- The Covid-19 pandemic has wreaked havoc on the automobile industry, but the global electric vehicle (EV) industry is set to perform better than its internal combustion engine (ICE) counterparts. Despite the global and regional economic downturn, the e-mobility revolution is set to change our collective paradigm of mobility and allow millions of Africans relatively affordable access to the fastest-growing EV sector globally: low-speed electric vehicles (LSEVs), or the micromobility segment (two, three, and small four wheelers).
- Although the promise of e-mobility is a realistic and preferable future, many citizens in the region will not gain access to the smarter mobility options EV comprise, unless proactive policies are adopted. Barriers to entry remain basic infrastructure limitations (stable affordable electricity and safe and well-maintained roads. The major global driver of change towards the larger-scale adoption of e-mobility remains government policy like including public procurement programmes; financial incentives that reduce the cost of buying an EV; tightened fuel-economy standards and regulations on the emission of local pollutants; low- and zero-emission vehicle mandates; and, various local measures, such as restrictions on the circulation of vehicles based on their pollutant emission performance.
- Low hanging fruit for regional policy adoption and implementation by SADC MS include the SADC Regional Indicative Strategic Development Plan (RISDP) 2020–30 and the SADC Green Economy Strategy and Action Plan.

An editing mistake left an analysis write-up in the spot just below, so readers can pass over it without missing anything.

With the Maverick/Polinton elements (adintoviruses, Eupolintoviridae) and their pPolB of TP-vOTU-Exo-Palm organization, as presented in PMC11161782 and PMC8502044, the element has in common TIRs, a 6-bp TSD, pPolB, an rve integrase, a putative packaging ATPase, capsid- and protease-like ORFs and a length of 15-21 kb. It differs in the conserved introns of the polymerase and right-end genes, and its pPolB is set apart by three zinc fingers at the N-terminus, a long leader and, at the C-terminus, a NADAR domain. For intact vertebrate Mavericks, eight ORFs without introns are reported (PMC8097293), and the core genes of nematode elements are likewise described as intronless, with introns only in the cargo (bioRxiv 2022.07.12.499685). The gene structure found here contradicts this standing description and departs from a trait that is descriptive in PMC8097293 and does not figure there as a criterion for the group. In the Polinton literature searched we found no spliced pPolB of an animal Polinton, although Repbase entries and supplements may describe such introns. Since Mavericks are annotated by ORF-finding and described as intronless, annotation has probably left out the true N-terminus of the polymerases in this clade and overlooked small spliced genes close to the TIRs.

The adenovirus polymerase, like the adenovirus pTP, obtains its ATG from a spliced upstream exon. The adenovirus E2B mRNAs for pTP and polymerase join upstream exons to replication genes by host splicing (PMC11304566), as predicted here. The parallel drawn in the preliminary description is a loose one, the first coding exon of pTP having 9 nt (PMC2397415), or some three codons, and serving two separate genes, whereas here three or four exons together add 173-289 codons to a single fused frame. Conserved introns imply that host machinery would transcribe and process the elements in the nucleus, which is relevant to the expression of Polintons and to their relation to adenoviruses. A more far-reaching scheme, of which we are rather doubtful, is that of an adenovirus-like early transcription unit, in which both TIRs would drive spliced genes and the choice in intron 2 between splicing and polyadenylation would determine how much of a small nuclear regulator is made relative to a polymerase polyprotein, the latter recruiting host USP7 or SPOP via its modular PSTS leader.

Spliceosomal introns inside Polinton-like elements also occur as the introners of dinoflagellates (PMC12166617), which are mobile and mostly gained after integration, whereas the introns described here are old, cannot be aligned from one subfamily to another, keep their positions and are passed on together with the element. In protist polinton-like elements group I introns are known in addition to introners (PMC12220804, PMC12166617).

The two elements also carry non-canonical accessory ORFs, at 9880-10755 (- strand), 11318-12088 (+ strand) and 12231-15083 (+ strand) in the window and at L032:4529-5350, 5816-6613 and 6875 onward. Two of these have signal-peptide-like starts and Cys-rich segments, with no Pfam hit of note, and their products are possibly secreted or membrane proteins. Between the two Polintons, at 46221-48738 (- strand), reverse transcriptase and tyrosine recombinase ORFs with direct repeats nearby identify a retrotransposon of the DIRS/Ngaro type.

- Considering the fact that the region has large portions of the world’s strategic EV minerals and metals, it supposedly provides SADC member states global collective bargaining power, which in turn should enable positive political economy and social-ecological investments and advantages. However, regional e-mobility integration and collaboration is severely hampered by member states’ unwillingness to actualise e-mobility adoption strategies regionally and nationally.
- Another low hanging fruit, for instance, is for the South African Department of Minerals, Resources and Energy to seek membership of the International Energy Agency’s (IEA) Electric Vehicles Initiative (EVI) to support the implementation of the national Green Transport Strategy (GTS).
- Global policy implementation practices on e-mobility adoption are driven by majors of cities/towns, municipalities, and public–private sector models that invest in and operate greener mobility ecosystems. Regional governments does not necessarily have to place the e-mobility transition on hold in the process of waiting on national government policy incentives like custom tax rebates or exemptions on low-emitting vehicles before they can increase access to public transport, especially for the poor and marginalised. In fact, private sector should leverage the regional policy certainty in the SADC secretariat to support and collaborate with the SADC MS on accelerating e-mobility.
- The e-mobility paradigm shift also entails embracing multimodal mobility in its various fluid forms, including micro-shared mobility, which gives marginalised communities in both rural and urban areas last-mile, affordable and environmentally friendly transportation. Decentralised renewable energy smart grids, linked to various forms of micro-shared mobility could be a catalyst towards rural and community-driven job creation initiatives, shifting the reliance on fossil fuels for millions in the region (i.e. off-grid-off-road solutions).
- Micromobility solutions in the region present as shift in narrative from driver-less cars to car-less drivers, because it facilitates integration of people with transit systems, thereby reducing reliance on private cars while making optimal use of existing space by ‘right-sizing’ the vehicle. It has the added benefits of reducing chances of virus infection, GHG emissions, noise pollution and travel costs, and increasing levels of travel enjoyment.